DUBAI, United Arab Emirates — After opening the year with two missed cuts, Eddie Pepperell surged back into form at the Dubai Desert Classic by shooting 5-under 67 Friday to take the lead after two rounds of the European Tour event.
Pepperell led three players — Bryson DeChambeau (67), Robert Karlsson (68) and Dean Burmester (68) — by a stroke at 8-under overall at Emirates Golf Club.
Tommy Fleetwood birdied five holes in his back nine to shoot 65 for the lowest round of the week, and was four strokes off the lead.
The 61st-ranked Pepperell didn’t make the weekend at either the South African Open or the Abu Dhabi HSBC Championship this month, failing to shoot below 71 at either event.
The Englishman made some adjustments, switching to a claw putting grip and using some of his old drills in practice, and they have had an immediate effect.
In Dubai, he opened with 69 and followed that up being 6 under after 13 holes of his second courtesy of seven birdies. He dropped a shot at No. 6 — his 15th hole after starting at the 10th — and parred his way home.
“It was very, very good until the cameras came along,” said Pepperell, who is known for his humorous and light-hearted takes on social media. “I must have been concerned with how I was looking, because then I started struggling.”
DeChambeau started with three straight birdies and made seven in total in the second round , which featured better scoring compared to Day 1 because of lighter winds.
If Pepperell and Dechambeau end up going head to head at the weekend, it will make for an interesting dynamic.
In August, Pepperell called the American a “twit” while criticizing his slow play at The Northern Trust tournament on the PGA Tour. Pepperell later apologized.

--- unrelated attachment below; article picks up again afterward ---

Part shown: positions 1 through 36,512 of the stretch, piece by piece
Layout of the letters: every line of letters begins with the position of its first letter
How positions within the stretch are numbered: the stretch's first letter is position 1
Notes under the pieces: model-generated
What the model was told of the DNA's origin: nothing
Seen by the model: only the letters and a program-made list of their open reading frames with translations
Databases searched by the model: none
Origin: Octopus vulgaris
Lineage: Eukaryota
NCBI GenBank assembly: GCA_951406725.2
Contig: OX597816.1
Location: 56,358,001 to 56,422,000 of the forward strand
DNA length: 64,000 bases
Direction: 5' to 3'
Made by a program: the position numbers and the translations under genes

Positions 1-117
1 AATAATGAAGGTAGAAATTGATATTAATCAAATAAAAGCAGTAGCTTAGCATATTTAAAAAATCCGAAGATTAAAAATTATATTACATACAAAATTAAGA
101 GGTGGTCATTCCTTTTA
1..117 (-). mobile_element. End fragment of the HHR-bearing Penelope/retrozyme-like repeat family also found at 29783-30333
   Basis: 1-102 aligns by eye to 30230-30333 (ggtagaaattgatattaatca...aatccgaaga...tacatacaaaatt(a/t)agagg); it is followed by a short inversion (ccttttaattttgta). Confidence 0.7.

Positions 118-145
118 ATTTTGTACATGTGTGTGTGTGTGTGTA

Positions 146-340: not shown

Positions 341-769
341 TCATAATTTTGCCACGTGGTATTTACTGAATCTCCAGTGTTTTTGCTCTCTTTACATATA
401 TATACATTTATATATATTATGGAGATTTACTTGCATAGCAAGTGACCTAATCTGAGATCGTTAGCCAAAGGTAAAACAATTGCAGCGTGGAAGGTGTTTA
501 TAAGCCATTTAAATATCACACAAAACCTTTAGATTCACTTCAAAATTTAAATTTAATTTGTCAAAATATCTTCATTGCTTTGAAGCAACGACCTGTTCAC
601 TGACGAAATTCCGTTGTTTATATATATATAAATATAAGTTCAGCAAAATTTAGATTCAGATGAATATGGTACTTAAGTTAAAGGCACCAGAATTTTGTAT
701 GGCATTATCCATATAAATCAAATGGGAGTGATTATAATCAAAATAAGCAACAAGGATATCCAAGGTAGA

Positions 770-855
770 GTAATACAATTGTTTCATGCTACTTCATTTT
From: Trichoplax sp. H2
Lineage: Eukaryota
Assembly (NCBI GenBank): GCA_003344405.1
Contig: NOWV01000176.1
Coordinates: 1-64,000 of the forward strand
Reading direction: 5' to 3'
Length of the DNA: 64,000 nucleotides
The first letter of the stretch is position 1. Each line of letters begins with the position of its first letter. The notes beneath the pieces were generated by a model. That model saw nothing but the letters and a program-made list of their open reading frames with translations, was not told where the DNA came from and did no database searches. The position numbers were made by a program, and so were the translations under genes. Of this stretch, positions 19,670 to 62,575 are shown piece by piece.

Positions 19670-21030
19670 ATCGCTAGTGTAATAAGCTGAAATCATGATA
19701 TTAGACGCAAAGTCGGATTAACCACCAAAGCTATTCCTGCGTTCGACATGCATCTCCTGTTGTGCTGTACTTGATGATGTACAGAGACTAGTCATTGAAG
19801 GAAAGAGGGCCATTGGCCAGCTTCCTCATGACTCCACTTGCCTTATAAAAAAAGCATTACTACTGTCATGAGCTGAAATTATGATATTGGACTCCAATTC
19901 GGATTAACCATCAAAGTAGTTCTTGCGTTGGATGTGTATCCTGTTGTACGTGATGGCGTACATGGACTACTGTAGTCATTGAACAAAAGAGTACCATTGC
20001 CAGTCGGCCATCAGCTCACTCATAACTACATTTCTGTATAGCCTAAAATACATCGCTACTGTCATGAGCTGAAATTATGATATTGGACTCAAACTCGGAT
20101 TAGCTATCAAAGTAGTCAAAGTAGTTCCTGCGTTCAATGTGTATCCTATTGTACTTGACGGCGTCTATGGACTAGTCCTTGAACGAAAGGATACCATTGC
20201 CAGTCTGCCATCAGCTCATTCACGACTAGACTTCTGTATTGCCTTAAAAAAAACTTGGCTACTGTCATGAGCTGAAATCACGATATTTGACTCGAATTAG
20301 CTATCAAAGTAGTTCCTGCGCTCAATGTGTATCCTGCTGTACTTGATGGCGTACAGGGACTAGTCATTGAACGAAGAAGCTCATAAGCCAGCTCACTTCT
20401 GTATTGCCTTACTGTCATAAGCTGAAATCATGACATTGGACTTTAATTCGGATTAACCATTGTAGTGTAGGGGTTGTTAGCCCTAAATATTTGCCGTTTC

The European Tour has introduced stricter punishments for the 2020 season in a bid to combat slow play and DeChambeau said he is adjusting.
"I make mistakes and I made mistakes in the past but (I'm) working on improving everything," the 17th-ranked DeChambeau said. “That's my whole goal for the game of golf is not only to make myself a better player but to have people have a more enjoyable experience when I'm around.”
Burmester, who has missed the cut at his last four events, said he has adopted a new attitude after a taxi he was in with members of his family collided with a Porsche in an accident that involved four vehicles before the tournament in Dubai. The South African has played the first two rounds with a sore ankle.
“After the car accident, you realize what's important in life and I think I was taking golf a little too seriously," Burmester said. "So I just kind of relaxed and looked at the family. We're just enjoying our time, so that's been the biggest difference.”
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